I have lots of thoughts on AnnArbor.com and MLive and echo all the sentiments of hardworking journalists, good people and high expectations. It’s obviously tough to make money in newspapers right now, and it’s also difficult to quantify success in news because high page views don’t automatically equate to successful journalism. And people at MLive get that. They’re news people. They understand that an important story that gets 5,000 page views can be as valuable as a series on the best high school mascot, which might get 3 million. But they also want to have those 3 million page views. So, to keep efficient and make money and still out out a product of value that people can be proud of, says like yesterday happen. Because there’s no features desk. There’s no three-person city business’s team. There isn’t a stable of full-time photographers. There are reporters who are, in many cases, eager and optimistic and determined to do good work armed with iPhones for photos and video and notebooks and sometimes crappy laptops trying their best.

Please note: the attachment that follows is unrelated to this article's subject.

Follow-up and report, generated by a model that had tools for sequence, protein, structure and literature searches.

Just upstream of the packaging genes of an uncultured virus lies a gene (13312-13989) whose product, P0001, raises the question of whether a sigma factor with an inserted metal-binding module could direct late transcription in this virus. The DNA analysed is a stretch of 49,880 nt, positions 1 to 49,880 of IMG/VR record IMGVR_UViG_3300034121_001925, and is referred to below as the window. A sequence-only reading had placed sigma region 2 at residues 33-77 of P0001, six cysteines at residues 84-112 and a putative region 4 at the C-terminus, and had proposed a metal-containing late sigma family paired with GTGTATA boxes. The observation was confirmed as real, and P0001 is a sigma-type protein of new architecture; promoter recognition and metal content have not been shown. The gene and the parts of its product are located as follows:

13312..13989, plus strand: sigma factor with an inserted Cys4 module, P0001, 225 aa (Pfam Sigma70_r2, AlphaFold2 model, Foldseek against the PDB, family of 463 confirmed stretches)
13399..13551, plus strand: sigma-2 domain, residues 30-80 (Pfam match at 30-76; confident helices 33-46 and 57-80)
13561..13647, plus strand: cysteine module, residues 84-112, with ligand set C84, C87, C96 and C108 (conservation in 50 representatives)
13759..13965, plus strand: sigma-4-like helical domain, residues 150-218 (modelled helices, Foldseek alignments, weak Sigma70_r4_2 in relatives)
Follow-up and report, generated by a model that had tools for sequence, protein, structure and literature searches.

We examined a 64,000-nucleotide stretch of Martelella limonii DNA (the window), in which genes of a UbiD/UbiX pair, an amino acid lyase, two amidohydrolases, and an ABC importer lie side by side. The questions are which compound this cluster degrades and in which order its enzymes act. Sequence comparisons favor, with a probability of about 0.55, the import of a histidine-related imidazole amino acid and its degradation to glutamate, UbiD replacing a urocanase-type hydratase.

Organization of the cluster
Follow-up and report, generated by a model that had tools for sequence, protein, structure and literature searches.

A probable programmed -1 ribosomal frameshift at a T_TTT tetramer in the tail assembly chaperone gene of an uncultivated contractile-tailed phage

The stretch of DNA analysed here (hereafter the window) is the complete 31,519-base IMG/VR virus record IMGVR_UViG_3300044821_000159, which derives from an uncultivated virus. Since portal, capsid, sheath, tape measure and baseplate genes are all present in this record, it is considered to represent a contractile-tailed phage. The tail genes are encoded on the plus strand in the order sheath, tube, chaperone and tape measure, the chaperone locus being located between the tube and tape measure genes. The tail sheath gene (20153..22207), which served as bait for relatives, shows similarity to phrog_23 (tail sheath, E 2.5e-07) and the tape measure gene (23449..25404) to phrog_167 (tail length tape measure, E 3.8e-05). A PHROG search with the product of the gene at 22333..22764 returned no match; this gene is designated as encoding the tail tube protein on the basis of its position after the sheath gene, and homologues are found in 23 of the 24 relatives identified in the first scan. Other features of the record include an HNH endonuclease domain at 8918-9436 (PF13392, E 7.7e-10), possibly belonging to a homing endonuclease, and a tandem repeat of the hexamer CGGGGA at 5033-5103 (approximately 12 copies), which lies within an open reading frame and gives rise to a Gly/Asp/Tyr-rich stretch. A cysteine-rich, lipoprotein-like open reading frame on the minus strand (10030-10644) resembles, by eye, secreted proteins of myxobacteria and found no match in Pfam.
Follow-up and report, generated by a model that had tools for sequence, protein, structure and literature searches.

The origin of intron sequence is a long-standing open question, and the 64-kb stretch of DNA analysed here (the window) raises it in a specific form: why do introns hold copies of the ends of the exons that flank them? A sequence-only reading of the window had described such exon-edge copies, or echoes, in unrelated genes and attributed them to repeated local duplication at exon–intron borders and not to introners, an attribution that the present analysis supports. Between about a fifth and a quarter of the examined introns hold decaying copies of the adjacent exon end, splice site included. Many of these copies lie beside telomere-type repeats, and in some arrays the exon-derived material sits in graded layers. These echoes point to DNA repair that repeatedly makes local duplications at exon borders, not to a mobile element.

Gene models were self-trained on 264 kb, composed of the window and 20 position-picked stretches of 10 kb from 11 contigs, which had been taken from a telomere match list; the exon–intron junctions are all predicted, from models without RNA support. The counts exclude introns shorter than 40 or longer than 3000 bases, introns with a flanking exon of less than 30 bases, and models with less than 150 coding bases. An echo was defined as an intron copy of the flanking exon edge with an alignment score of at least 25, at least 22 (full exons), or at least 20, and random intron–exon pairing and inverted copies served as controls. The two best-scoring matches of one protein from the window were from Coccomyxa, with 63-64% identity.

Fuck MLive is a bad sentiment, because you can’t separate the people from the organization. Support the writers and reporters who deliver work you appreciate. Email staff story ideas or kind words when they do well. And sure, email them constructive criticism if you have it – I didn’t meet anyone at MLive that wasn’t up for feedback. But from top to bottom, I genuinely think they’re trying. To do good work. To make it work. To be relevant. Fiscally and journalistically.

    Anyone want to chat further, email me. I’ve been close to this organization in some form or fashion since forever and have lots of feelings about all of this. Richretyi@gmail.com or tap me on the shoulder at the Bar at Braun Court (free plug, Eric!)

    Also I typed all this on my phone while putting my kid to sleep so excuse errors and rambling.

  29. I Worked There Too
    Posted January 7, 2016 at 8:32 pm | Permalink